(Italian Christmas Nougat)
1 cup honey
2 egg whites
1 cup sugar
2 tablespoons water
1 pound almonds,
shelled and blanched
1/2 pound hazelnuts,
shelled and lightly toasted
1 teaspoon candied orange peel, minced
1/2 teaspoon grated lemon rind
Place the honey in top of double boiler over boiling water for 1 to 1-1/2 hours, until honey is caramelized. Stir the honey frequently. Beat egg whites until stiff. Slowly add to honey, mixing well. The mixture will be foamy white. Combine sugar with 2 tablespoons of water in small saucepan and let boil, without stirring, until caramelized. Add caramelized sugar to honey mixture a little at a time, mixing well. Cook mixture a little longer until it reaches the hard ball stage. (A small drop turns hard when placed in a cup of cold water.) Add nuts, candied orange peel and grated lemon rind. Mix well and quickly before it hardens.
Immediately pour mixture two inches deep into two or three (depending on size) loaf pans lined with parchment paper. Let cool 20 minutes. Remove from pans and cut each slab into rectangular bars. You may make one cut lengthwise down the center forming two torrone rectangles or slice crosswise to make five or six smaller torrone bars. Wrap each bar in aluminum foil or waxed paper and store at room temperature in an airtight container. It keeps for a long time if wrapped well.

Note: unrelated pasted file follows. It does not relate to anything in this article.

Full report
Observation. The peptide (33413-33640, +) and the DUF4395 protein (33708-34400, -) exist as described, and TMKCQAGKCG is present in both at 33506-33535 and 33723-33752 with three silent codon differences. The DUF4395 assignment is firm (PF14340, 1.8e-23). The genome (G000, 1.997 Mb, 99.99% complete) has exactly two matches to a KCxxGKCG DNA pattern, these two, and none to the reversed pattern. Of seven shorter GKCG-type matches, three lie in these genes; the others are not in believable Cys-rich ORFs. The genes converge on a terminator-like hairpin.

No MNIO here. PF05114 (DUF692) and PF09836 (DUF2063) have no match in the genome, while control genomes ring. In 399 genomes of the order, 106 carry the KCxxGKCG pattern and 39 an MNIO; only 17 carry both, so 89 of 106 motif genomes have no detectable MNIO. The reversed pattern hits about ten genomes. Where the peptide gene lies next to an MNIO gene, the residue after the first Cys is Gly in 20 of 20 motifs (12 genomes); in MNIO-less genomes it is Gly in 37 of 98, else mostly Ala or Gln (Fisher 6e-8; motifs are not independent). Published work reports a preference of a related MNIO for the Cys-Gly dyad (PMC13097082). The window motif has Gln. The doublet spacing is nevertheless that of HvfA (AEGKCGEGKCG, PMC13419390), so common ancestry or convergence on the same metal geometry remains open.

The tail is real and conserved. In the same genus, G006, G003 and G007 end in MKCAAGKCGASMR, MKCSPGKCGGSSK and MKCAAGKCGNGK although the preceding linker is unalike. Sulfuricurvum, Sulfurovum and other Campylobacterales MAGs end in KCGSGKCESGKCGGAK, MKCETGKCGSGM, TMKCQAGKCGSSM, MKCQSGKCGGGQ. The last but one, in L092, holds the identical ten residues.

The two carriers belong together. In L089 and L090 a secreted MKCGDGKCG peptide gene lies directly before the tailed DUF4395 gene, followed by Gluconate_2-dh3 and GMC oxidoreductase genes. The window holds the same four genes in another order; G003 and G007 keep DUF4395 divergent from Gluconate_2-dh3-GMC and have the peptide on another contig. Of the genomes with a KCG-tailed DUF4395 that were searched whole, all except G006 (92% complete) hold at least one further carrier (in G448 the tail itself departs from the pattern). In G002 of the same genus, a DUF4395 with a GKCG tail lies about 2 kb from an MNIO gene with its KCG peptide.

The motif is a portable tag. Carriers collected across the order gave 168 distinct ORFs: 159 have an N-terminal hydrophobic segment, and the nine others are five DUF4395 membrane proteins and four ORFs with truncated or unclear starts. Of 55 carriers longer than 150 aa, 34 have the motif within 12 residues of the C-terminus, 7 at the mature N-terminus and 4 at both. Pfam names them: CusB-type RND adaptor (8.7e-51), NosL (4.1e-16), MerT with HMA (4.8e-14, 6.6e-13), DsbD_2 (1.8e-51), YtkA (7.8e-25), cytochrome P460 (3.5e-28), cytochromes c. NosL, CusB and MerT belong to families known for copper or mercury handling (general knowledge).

To serve, cut the torrone bar into 1/4 inch to 1/2 inch thin slices. Serve with coffee or tea following a holiday meal.
Traditional torrone is sandwiched between two pieces of ostia or thin sheets of unleavened wheat bread. Ostia is often called "wafer." I've omitted this ingredient in the recipe, as it's hard-to-find. The torrone I made was fine without it. But, if you can find "wafer" or ostia at an Italian market, you may want to use it. In that case, you would place a sheet of wafer on the bottom of each loaf pan before pouring torrone mixture. Then top the torrone with another sheet of wafer.
Recipe adapted from The Talisman Italian Cook Book by Ada Boni. Crown, 1950.
This page created November 1999
Copyright © 1998-2001, Lynn Kerrigan. No portion of this article may be reproduced for publication without express, written permission of the author.
This page modified February 2007